The fibromyalgia treatment your doctor prescribes for you will depend on how severe the condition shows itself in your life. Some cases are mild and are treated simply with over the counter pain medication. In other cases, prescription medication must be taken in order to cause the pain from the muscle or joint aches to be brought to a manageable level or subdued to some degree.

Treatment can also include antidepressants, not because doctors think it’s all in your head, but because this class of drugs can help to relax the body and lessen the anxiety living with a chronic condition can bring on.

Dealing with an incurable medical problem can lead to long term anxiety problems due to mood swings. Physical pain and discomfort can bring on a variety of emotions and when mood swings go to the extreme, depression can then set in.

It’s understandable that an antidepressant can help to stabilize those emotions while you and your doctor plan together the best way to bring your fibromyalgia under the control you can achieve.

Sometimes drugs that are used to treat epilepsy in people are also used in fibromyalgia treatment. Certain medications can block the signals that allow pain to be felt. Anti-seizure drugs can help you deal with the pain of the condition.

Your doctor might suggest you also seek the help of a trained counseling who knows how to give you the emotional and mental tools you’ll need to handle having a chronic condition.

No matter how old you are, having an ongoing medical problem can create or exacerbate the stress in your life and knowing ahead of time how to deal with what you’re going through can lessen this stress.

You may also choose to add a rheumatologist to your care circle. Arthritis is a common complaint when a patient is dealing with fibromyalgia but with the right kind of help on your side, the condition might slow you down but it won’t keep you from experiencing a happy, fulfilling life.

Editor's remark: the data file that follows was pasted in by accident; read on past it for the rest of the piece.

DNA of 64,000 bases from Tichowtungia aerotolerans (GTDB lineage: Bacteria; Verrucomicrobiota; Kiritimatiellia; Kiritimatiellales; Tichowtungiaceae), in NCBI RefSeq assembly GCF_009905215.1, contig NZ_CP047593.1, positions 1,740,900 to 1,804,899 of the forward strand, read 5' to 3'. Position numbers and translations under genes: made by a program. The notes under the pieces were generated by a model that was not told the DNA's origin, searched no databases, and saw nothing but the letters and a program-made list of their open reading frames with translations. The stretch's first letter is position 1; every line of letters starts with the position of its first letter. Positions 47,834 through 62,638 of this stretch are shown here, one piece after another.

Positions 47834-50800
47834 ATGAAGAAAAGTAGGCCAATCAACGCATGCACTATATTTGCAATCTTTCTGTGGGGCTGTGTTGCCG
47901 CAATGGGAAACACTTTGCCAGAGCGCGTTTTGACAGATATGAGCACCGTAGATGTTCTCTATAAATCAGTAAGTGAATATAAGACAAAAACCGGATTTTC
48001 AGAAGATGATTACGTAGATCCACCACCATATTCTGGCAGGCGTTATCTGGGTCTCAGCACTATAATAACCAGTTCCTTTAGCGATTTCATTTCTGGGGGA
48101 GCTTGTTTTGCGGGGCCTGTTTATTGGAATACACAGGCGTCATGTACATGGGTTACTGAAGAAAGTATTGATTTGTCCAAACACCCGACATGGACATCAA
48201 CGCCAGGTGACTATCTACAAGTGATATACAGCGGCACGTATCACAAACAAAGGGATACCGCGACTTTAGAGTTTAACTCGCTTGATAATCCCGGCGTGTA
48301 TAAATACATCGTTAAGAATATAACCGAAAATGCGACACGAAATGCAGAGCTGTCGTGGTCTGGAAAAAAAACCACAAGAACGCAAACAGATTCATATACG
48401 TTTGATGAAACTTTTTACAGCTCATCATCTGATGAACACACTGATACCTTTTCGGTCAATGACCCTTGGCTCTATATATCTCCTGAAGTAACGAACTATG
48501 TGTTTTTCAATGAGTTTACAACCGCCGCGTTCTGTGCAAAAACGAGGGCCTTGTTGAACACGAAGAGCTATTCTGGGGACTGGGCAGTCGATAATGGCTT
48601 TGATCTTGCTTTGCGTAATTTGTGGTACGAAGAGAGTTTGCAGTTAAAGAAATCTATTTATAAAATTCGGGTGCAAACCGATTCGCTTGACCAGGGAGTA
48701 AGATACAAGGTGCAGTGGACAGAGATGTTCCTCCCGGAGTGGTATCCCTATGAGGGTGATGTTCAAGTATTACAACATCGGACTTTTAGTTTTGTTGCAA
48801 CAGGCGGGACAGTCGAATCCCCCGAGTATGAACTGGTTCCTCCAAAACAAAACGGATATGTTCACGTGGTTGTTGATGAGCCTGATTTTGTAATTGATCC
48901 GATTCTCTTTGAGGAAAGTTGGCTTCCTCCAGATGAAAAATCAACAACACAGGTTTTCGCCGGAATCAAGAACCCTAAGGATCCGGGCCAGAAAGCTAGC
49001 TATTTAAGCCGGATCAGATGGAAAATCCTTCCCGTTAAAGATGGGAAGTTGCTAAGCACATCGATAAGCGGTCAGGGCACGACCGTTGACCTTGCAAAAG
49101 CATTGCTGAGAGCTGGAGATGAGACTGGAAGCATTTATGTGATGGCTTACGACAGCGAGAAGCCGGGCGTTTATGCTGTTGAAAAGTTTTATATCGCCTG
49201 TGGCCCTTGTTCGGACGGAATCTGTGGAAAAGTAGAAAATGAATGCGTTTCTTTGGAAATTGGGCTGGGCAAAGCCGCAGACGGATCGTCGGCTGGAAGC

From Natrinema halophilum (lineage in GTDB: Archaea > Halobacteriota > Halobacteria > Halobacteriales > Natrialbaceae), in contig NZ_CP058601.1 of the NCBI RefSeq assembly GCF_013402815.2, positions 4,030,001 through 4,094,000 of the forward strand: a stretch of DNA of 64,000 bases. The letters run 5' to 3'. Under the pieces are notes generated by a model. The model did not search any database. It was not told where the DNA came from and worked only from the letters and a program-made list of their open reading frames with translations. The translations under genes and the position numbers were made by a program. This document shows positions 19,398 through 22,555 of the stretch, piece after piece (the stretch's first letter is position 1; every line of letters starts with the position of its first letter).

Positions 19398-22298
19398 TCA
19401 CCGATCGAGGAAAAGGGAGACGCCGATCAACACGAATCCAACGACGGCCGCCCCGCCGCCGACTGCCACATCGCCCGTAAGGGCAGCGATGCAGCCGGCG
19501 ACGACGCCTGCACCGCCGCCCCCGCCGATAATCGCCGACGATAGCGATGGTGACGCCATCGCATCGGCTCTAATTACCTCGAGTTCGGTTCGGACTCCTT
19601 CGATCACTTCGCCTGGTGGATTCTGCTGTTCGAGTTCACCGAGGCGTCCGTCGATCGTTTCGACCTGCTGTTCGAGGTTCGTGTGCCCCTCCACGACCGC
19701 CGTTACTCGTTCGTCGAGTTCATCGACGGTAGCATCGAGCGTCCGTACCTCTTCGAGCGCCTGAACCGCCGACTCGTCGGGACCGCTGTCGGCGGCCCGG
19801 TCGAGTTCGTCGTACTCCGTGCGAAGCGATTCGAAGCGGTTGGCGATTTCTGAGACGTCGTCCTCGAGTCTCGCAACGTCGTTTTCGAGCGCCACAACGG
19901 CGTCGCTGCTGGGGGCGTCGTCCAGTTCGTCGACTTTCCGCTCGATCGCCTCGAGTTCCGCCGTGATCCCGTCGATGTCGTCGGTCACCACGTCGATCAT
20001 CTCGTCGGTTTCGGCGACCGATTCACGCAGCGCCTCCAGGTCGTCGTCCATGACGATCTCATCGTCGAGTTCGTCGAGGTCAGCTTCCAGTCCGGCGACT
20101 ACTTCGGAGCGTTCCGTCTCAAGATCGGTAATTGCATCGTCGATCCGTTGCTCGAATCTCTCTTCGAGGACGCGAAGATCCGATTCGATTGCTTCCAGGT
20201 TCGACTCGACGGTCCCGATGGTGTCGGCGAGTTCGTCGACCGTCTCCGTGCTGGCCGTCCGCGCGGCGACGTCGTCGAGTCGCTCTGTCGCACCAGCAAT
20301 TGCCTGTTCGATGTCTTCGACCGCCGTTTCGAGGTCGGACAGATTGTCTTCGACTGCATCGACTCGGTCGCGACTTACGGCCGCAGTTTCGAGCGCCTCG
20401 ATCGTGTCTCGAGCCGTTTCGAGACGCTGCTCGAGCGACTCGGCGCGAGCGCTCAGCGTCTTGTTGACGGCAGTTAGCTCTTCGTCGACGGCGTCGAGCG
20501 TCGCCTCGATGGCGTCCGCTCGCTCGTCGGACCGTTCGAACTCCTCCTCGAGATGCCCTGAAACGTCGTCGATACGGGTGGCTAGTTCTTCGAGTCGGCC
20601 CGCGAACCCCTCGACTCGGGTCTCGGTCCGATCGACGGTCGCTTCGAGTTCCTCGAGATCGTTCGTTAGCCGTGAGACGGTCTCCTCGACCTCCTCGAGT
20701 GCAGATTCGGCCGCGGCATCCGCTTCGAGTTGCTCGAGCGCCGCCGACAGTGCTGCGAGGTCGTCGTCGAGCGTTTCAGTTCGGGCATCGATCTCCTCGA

Some people who experience flare ups with their fibromyalgia and want a more natural approach choose to use the services of an acupuncturist. Regardless of which route you choose to take, you will need experts who know how this condition affects the body physically, mentally, emotionally and even spiritually so that you can receive the care you need.

Some patients choose a fibromyalgia treatment plan that includes using a more natural approach to manage their health. The more natural approach would include an exercise plan, getting plenty of rest, a healthy diet and eliminating as much stress as possible since stress can cause your symptoms to worsen.

What to Do If You’ve Been Given a Fibromyalgia Diagnosis

What to Do If You’ve Been Given a Fibromyalgia Diagnosis

A fibromyalgia diagnosis might be a scary medical term for you to hear especially if you don’t know what it is and don’t know anyone who has the condition. The first step to do is to relax. Take a deep breath and know that you are not alone. There are others who successfully deal with this condition and there are many support groups available both online and off that can help you learn about your condition.

Decide right away that you’re going to become an expert about the condition. After all, it’s your body and you’re the best one in charge to fight back and keep yourself as healthy as you possibly can.

Your first step should be to assemble the best medical or holistic care for your condition. You may need to be seen by more than one professional. Some patients routinely see a chiropractor, their physician, and a doctor who specializes in rheumatoid care.

Usually these are doctors proficient in internal medicine. Because the medical profession is still learning about how fibromyalgia affects the body, if you have a doctor who simply wants to medicate you without trying to find the best treatment for you, then consider finding a new doctor. You need one who stays up to date on the latest treatment information about the condition.

You may need to educate your family on what a fibromyalgia diagnosis means to them. It may require some lifestyle changes for you in order to keep your health on an even keel. You may have to rest more frequently, do less around the house or even find a career that’s not as taxing to you physically.